Sunday, 05 July 2020

Sunil Mittal bids for bankrupt satellite company OneWeb supported by UK govt

by Harry Baldock, Total Telecom
Tuesday 30 June 20

The satellite company filed for bankruptcy in March, having been stricken by the coronavirus pandemic

OneWeb, a UK-based low-Earth orbit (LEO) satellite company, has found itself under financial strain since its inception back in 2012. Despite backers including SoftBank, Airbus and Qualcomm, the satellite company has struggled to obtain financing, resulting in a slew of debts that now top $3.3 billion.   The company filed for bankruptcy in March this year citing financial strain caused by the pandemic…

OneWeb, a UK-based low-Earth orbit (LEO) satellite company, has found itself under financial strain since its inception back in 2012. Despite backers including SoftBank, Airbus and Qualcomm, the satellite company has struggled to obtain financing, resulting in a slew of debts that now top $3.3 billion.

 

The company filed for bankruptcy in March this year citing financial strain caused by the pandemic, having launched just 74 of the planned 648 satellites intended to provide internet services to “everyone, everywhere”. This financial collapse has opened the door for new owners to take the reigns and Sunil Mittal, whose Mittal Group owned Indian telco Bharti Airtel, has reportedly bid for the company.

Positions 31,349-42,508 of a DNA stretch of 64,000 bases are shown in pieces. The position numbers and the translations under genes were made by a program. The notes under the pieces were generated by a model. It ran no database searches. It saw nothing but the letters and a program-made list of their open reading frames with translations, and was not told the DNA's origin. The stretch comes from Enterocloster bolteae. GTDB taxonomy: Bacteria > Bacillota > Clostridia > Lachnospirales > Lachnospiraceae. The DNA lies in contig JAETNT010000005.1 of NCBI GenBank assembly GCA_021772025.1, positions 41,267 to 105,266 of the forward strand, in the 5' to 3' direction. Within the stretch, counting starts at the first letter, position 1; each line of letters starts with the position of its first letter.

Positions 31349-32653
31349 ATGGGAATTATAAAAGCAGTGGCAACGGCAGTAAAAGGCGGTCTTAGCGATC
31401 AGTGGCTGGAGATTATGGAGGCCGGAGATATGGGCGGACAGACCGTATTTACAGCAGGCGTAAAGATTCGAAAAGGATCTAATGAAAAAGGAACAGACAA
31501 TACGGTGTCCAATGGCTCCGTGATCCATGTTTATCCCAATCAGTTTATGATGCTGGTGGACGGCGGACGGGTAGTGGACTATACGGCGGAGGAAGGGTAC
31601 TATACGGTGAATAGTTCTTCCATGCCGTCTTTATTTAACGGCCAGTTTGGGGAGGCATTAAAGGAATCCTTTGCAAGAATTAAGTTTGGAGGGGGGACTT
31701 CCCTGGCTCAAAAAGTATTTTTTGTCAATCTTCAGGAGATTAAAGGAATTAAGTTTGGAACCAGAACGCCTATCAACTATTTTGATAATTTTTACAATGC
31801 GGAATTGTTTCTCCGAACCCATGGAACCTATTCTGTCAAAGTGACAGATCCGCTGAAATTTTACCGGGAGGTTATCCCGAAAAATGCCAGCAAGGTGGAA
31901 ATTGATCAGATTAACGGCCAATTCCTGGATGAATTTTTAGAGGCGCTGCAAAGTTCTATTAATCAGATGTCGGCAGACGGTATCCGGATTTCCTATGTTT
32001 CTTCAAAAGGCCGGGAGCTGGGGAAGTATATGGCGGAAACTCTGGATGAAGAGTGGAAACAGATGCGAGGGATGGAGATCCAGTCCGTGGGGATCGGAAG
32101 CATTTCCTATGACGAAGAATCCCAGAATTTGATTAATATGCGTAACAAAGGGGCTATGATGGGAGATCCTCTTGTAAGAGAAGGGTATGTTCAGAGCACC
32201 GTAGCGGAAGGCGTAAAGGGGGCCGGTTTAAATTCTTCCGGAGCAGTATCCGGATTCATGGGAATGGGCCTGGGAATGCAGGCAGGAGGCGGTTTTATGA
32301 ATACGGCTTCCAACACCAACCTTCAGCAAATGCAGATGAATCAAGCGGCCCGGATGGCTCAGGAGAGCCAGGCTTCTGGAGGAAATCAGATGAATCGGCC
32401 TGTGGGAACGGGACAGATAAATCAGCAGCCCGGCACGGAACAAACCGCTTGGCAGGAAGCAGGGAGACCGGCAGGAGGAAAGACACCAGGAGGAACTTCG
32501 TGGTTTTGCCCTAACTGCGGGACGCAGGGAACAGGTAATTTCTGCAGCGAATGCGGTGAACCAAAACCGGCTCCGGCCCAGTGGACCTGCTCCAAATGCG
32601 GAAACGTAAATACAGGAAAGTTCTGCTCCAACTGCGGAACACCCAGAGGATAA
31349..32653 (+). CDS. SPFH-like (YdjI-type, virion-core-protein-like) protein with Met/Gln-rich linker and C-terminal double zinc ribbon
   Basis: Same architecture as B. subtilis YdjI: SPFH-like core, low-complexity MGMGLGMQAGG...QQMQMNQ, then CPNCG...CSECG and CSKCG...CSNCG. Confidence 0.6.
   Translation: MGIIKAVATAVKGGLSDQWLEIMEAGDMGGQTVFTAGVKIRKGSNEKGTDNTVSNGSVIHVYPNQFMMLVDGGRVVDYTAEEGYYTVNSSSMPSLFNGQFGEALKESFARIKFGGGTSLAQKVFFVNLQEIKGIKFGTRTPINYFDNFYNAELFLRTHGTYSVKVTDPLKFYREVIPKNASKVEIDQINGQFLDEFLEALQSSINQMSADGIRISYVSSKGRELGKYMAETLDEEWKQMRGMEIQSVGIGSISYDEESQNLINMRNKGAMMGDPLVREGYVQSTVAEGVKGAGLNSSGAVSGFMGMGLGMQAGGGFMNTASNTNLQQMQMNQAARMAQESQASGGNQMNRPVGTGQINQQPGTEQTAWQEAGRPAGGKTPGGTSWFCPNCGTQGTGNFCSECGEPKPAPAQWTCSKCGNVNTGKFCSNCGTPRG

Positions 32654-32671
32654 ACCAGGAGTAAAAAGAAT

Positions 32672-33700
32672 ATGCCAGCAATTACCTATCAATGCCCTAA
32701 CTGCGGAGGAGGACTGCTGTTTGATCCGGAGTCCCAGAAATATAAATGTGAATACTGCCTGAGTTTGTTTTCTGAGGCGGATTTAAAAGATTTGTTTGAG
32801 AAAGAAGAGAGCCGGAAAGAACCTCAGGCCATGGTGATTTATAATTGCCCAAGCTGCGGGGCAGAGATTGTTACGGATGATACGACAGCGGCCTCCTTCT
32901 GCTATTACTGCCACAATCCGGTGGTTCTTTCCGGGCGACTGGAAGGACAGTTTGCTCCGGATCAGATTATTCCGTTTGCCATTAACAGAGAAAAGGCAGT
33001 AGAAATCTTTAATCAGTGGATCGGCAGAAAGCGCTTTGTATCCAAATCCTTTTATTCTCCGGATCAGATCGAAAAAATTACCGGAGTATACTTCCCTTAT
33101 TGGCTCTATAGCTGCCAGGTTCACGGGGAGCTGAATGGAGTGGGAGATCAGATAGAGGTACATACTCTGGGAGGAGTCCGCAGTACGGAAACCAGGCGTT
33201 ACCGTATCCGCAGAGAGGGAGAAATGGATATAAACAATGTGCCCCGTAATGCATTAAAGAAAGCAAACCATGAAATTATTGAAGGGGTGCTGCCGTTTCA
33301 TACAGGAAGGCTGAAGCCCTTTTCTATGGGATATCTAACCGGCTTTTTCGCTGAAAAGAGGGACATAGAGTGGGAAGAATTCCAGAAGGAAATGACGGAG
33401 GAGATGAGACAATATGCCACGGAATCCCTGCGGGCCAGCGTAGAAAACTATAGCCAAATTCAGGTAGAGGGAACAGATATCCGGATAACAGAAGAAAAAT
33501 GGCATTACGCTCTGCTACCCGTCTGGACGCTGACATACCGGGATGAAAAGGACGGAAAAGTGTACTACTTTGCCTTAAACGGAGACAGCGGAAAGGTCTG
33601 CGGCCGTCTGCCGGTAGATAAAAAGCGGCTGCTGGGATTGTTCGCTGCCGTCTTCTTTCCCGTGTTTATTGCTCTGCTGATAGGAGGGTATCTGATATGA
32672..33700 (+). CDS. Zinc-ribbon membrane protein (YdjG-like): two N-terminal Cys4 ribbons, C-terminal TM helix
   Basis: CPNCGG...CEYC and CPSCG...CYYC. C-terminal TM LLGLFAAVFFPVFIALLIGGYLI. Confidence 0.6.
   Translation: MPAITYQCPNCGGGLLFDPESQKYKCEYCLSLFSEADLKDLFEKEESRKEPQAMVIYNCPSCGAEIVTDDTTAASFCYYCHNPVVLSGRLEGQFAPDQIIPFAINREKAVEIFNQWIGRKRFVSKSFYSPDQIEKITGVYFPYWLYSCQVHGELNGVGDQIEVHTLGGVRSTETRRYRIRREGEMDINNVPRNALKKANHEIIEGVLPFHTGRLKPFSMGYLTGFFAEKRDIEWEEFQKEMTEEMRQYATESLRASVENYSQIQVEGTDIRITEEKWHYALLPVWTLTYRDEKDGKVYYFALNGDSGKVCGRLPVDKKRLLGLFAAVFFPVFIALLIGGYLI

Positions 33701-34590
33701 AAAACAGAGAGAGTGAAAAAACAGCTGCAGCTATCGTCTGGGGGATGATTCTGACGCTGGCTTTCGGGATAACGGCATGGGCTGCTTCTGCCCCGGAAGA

The offer is reportedly supported by the UK government, who reportedly intend to invest around $500 million into OneWeb. This investment comes as the UK desperately seeks access to a new national navigation system, after the country’s departure from the EU saw it lose access to the pan-European Galileo satellite navigation system.   

 

LEO satellites are very appealing for delivering connectivity, since they can overcome many of the challenges associated with more traditional methods, particularly dealing with rough terrain. This makes them very appealing for rural deployment, reaching regions that would otherwise be unprofitable to provide coverage.

 

However, satellites of course have their own setbacks, being expensive to launch and traditionally struggling to achieve the same speeds as conventional coverage. A wide range of LEO business models have been tested in the past few decades, but the track record speaks for itself, with almost all have resulted in complete failure.

 

Despite this, advances in technology have seen LEO constellations increasingly shaking up the telecoms industry, with SpaceX’s Starlink leading the way. Earlier this month the latest launch took Elon Musk’s constellation to a total of 540 satellites – more than enough to provide minimal internet services, according to Musk. However, the company’s plan for expansion is huge, with 12,000 total satellites the current goal, with an increased target of 30,000 currently under discussion with the Federal Communications Commission.

 

Musk has repeatedly stated that telcos need not fear Starlink’s ambitions, since it will only be targetting the “three or four percent” of “hardest to reach” customers. However, with such massive expansion planned and further interest in LEO projects like OneWeb around the world, it will be hard for the telcos not to take notice.

 


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